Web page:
The Maritime Aquarium has revised its regular STEM-based, standards-fulfilling educational programming into a selection of online offerings that teachers can use as they adapt to distance learning.
The programs will be streamed live to allow for questions and answers and for adaptations to specific curriculum needs. The programs also can be recorded for later viewing; for example, by a student who missed the live stream.
The presentation lengths vary from 40 to 60 minutes, are for up to 30 students, and cost $95 per presentation. Financial assistance is available for many schools. Click here for Financial Aid Form
These programs can be scheduled through the Aquarium’s Reservations department, similar to scheduling an Aquarium visit. To book one of these programs please call our Reservations Department at 203.852.0700 ext. 2206 or email firstname.lastname@example.org
Fish Tales is an interactive story time for toddlers and parents/caregivers. Each week, we sing songs and rhymes, dance and read books with Aquarium Educators, and maybe even meet an animal ambassador! Young children and a parent or caregiver will be able to join us from home.
Sharks have a variety of superb adaptations that have allowed them to survive for millions of years. In this program, students will examine the teeth and jaws of different species of sharks and learn how their structures and senses help them find a variety of prey in different ocean habitats. Students will get an up-close look at the different species of sharks we have at the Aquarium and create a shark of their own that has the structures it needs to survive.
By simply observing an animal eat and move, we can figure out a lot about its everyday life and habitat! With the help of an aquarium educator, take a look at some of the aquarium's beloved animals and use the power of observational skills and critical thinking to develop an idea of how each animal lives in its habitat.
Visit a virtual intertidal zone to learn and observe the unique adaptations Long Island Sound species have developed to overcome living in this challenging area. Students will learn how tides occur, and determine the intertidal habitat animals are best adapted for surviving in based on physical and behavioral adaptations.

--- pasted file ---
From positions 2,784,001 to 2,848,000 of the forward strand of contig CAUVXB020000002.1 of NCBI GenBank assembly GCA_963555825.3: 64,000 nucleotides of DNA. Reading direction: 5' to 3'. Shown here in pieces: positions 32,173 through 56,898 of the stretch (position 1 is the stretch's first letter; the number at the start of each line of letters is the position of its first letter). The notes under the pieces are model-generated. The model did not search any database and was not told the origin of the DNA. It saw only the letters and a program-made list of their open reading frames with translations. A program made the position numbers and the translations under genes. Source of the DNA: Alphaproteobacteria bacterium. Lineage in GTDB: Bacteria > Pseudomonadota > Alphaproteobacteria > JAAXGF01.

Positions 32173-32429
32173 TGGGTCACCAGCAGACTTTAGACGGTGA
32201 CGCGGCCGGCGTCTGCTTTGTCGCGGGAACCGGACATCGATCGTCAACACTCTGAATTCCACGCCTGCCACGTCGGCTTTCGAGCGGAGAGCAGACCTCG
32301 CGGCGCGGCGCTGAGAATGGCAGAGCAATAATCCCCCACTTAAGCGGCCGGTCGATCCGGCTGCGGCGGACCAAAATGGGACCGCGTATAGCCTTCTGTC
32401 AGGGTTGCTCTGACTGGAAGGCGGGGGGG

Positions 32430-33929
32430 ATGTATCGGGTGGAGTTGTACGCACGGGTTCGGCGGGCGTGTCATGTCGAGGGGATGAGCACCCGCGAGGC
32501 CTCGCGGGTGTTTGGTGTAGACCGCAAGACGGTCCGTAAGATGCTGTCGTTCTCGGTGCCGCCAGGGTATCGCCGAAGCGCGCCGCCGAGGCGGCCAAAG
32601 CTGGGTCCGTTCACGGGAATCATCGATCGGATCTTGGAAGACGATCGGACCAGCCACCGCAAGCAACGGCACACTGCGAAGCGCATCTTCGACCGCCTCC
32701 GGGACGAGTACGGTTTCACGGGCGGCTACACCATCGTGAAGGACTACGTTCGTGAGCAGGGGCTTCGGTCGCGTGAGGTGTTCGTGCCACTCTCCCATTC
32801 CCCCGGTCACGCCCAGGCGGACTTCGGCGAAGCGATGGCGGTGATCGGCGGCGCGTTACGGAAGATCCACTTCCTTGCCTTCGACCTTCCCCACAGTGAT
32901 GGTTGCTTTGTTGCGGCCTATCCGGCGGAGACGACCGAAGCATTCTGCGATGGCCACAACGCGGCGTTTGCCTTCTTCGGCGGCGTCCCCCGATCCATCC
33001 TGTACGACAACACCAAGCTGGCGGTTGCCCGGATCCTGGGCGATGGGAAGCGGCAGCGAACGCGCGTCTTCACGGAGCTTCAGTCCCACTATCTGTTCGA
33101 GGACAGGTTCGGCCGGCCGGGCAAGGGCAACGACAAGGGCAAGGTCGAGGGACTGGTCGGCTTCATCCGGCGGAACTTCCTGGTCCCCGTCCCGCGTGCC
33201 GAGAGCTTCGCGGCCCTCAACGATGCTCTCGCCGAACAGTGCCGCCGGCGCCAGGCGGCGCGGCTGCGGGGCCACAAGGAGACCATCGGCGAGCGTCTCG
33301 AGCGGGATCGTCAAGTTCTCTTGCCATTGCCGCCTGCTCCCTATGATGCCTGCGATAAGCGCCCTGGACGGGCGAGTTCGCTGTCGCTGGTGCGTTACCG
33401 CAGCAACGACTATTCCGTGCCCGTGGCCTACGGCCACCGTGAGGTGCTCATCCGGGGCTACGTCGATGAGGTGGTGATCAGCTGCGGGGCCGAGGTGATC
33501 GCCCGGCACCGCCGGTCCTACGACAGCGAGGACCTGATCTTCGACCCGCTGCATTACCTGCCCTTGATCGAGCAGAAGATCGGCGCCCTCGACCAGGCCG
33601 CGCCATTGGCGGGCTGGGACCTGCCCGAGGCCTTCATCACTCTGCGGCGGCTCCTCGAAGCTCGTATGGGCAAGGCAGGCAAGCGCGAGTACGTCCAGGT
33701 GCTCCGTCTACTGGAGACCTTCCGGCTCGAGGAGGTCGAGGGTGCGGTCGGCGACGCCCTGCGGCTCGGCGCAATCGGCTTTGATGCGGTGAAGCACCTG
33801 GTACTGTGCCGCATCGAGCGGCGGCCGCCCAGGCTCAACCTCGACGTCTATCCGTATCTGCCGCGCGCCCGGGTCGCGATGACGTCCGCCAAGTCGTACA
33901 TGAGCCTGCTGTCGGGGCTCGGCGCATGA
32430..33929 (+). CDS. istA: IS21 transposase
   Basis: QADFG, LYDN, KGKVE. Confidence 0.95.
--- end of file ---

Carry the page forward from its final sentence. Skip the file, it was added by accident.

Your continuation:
Long Island Sound and its watershed provide a perfect opportunity to explore human impacts on aquatic ecosystems. Students share their knowledge about sources of pollution and observe video of a watershed model to see how pollutants travel and where they end up. They also discuss strategies for cleaning up the pollution that makes its way to the Sound, and identify ways everyone can contribute to that effort!
Take a virtual tour of watery habitats within the Long Island Sound ecosystem. Students will identify biotic and abiotic elements within each habitat and determine how those elements interact with each other for survival and energy.
What is the status of horseshoe crabs in Long Island Sound, or corals in the Caribbean, and how is the aquarium working to make a difference? What is it like to be captain of the Aquarium’s hybrid-electric research vessel? Each session will feature a staff member with a particular job: research vessel captain, conservation scientist, aquarist/animal keeper, dive safety officer, social media designer. Students will learn about and ask questions about that professional’s work and the personal and academic journeys that led them to it.
What better time than now for a parent and child to take a solo walk in the woods or along the beach, or even to observe the birds outside their window? We’ll introduce apps like iNaturalist that can be used to record what you see and contribute to scientists’ knowledge of our local environment. Or we’ll demonstrate how to spend some time learning to identify birds and how students may use cell phones to contribute information to the Cornell Lab of Ornithology’s eBird project.
Investigate the science of extreme weather, focusing on hurricanes, storm surge, and erosion; and learn about the importance of living shorelines for coastal protection. Plus, meet the Aquarium animals who make their home in the salt marsh!
This program was prepared by the Maritime Aquarium at Norwalk, Inc.under award NA16SEC0080005 from the Environmental Literacy Grant (ELG) Program of the National Oceanic and Atmospheric Administration (NOAA), U.S. Department of Commerce. The statements, findings, conclusions, and recommendations are those of the author(s) and do not necessarily reflect the views of NOAA or the U.S. Department of Commerce.
Storm surge, sea level rise and...slipper snails? Climate change promises to have a dramatic impact on communities across the world, but it's not all bad news out there. Join us for a closer look at the science of climate change, and learn the surprising secrets of climate resilience hidden in the coastal ecosystems of Long Island Sound. 60 minutes. Please only register once for your entire family.